Friday, December 15, 2006

George Whitefield and His Eventual Influence on Southern Baptist Preaching

In New England during the decades immediately prior to the First Great Awakening, many preachers read their sermon manuscripts from the pulpit. During the First Great Awakening in New England, Whitefield’s successful preaching was a catalyst for change in the preaching style of many other preachers. His influence also extended to the South where Separate Baptists multiplied exceedingly by utilizing his preaching style.

John Sparks stated that the preachers in New England who were supportive of the First Great Awakening imitated Whitefield’s preaching style, which came to be known as the “New England Holy Tone”:

“The New England New Light preachers labored on, and although few if any could match Whitefield’s dramatic flair, they compensated by developing a distinctive cadence based largely on Whitefield’s own emotive style and embellished by a singsong, almost hypnotic chant.”

John Sparks, The Roots of Appalachian Christianity: The Life and Legacy of Elder Shubal Stearns (Lexington, KY: The University Press of Kentucky, 2001), 27.

Alan Heimert also described Whitefield’s preaching and its effect:

“Both admirers and critics noted how Whitefield employed changes in tone and dramatic, though controlled, gestures. From Whitefield’s example was derived a radical redefinition of the nature and character of ‘evangelical preaching.’”

Alan Heimert and Perry Miller, eds., The Great Awakening: Documents Illustrating the Crisis and Its Consequences (New York: The Bobbs-Merrill Company, Inc., 1967), xxvi.

Five of Whitefield’s critics in Connecticut in a 1744 letter described his imitators and their preaching:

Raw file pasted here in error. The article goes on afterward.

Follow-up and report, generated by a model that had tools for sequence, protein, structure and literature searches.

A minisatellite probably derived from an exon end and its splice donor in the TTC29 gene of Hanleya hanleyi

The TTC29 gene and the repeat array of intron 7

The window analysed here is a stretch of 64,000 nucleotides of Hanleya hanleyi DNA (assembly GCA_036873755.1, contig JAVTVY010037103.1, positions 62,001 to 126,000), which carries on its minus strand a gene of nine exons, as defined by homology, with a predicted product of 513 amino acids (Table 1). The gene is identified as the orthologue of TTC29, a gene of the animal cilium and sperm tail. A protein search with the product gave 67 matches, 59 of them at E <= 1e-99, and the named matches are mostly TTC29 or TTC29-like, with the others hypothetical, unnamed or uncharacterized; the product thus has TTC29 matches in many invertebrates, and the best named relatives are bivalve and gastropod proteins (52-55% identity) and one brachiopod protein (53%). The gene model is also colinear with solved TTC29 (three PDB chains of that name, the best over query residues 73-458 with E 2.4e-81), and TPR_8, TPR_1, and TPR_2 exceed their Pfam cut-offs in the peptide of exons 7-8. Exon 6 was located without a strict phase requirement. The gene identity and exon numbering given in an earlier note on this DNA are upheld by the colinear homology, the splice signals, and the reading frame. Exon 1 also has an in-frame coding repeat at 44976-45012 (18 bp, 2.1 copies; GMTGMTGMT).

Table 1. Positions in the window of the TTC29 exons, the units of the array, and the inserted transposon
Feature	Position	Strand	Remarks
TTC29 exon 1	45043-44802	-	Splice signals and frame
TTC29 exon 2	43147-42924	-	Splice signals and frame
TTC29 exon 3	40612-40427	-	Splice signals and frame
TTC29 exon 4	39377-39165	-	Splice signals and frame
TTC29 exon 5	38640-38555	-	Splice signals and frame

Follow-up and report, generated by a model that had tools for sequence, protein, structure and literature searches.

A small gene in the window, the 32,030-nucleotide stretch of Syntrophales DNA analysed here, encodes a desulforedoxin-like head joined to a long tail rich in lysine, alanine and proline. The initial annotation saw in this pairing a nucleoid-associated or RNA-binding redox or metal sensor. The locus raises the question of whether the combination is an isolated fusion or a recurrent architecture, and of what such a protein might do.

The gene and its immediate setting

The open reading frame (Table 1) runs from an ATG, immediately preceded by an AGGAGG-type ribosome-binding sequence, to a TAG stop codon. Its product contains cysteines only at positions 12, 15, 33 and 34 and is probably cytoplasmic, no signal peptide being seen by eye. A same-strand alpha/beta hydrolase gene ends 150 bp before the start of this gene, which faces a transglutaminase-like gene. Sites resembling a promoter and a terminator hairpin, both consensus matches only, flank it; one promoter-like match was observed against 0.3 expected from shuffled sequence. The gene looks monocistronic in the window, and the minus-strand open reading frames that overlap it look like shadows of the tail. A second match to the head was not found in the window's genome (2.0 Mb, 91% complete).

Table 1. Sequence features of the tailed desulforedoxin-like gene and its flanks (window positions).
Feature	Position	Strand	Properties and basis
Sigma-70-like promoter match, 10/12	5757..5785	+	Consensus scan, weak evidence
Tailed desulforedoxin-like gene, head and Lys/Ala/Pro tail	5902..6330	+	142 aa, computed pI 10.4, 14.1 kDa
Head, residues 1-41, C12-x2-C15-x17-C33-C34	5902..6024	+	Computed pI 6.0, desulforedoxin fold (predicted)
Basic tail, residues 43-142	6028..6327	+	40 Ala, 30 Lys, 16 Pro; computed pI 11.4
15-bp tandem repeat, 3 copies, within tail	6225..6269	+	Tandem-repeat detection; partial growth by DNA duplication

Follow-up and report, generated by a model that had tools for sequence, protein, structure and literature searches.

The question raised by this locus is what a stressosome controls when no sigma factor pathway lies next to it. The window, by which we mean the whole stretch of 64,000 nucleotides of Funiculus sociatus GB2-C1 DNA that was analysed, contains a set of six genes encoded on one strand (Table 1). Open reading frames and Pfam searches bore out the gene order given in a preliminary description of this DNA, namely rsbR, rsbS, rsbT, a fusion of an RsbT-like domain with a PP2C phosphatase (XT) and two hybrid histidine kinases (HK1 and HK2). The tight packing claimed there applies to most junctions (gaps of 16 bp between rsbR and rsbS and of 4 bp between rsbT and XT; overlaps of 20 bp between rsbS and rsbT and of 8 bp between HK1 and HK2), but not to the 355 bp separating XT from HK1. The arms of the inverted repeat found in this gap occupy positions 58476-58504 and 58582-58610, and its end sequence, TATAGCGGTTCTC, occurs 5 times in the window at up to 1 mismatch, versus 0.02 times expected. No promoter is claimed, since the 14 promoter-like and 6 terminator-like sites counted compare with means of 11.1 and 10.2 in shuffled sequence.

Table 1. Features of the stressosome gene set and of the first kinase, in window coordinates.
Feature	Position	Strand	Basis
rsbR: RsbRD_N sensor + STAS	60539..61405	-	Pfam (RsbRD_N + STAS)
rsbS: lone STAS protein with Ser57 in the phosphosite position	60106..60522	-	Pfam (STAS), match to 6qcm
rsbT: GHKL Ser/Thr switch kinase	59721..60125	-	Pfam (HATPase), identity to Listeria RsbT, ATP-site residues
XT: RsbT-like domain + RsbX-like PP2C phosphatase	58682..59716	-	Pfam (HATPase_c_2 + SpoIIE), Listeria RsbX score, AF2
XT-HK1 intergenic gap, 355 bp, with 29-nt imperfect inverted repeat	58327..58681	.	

“Mr. Whitefield, passing through this land, condemning all but his adherents, and his followers and imitators, by their insufferable enthusiastick [sic] whims and extemporaneous jargon, brought in such a flood of confusion among us, that we became sensible of the unscriptural method we had always been accustomed to take in our worship.”

Henry Cook, Barnaby Ford, Isaac Castel, John How, and Thomas Claselee, in The Great Awakening: Documents Illustrating the Crisis and Its Consequences, 397.

Thus, many New England preachers imitated Whitefield’s preaching in terms of both its extemporaneous nature and its dramatic aspects, such as tones and gestures.

Whitefield’s preaching greatly affected Shubal Stearns, the founding pastor of the Sandy Creek Baptist Church in North Carolina, the mother church for Separate Baptists in the South. Southern Baptist Convention historians have traced the denomination’s roots to both the Separate Baptists of the Sandy Creek tradition and the Regular Baptists of the Charleston tradition. Sparks described the effect of Whitefield’s preaching on Stearns when Stearns was in New England in 1740:

“He had been overpowered by Whitefield’s preaching along with many of his relatives and neighbors—including his parents—and had experienced an ecstatic New Birth in Christ.” (Sparks, 29)

Stearns imitated Whitefield’s preaching style, and his preaching was very effective after he moved to the backcountry of the South, according to Sparks:

“His family’s regard for him would only have furthered the wild adulation with which his musical, emotive New England Holy Tone preaching had been accepted on the backcountry frontier.” (Ibid., 93)

Sparks quoted Morgan Edwards, a minister of the Philadelphia Baptist Association who heard Stearns preach a year before Stearns’ death, to indicate that all Separate Baptist ministers copied Stearns’ preaching style. (Ibid., 65)

The preaching style utilized by Whitefield and Stearns emphasized the conversion experience, which most Southern Baptist preachers also typically emphasize. Heimert explained that Whitefield and his followers measured success by conversions:

“Success, in turn, was measured by what Whitefield and his fellow workers termed the ‘New Birth.’ Not the Reformation doctrine of justification by faith alone, but the existential fact of the conversion experience, became the ‘principal hinge’ of what Edwards called ‘the evangelical scheme.’” (Heimert, xxvii)

Most Southern Baptist preachers frequently utilize a lively, extemporaneous preaching style, which is somewhat similar to that utilized by Whitefield and Stearns. God can still utilize this type of preaching to win many souls to Christ.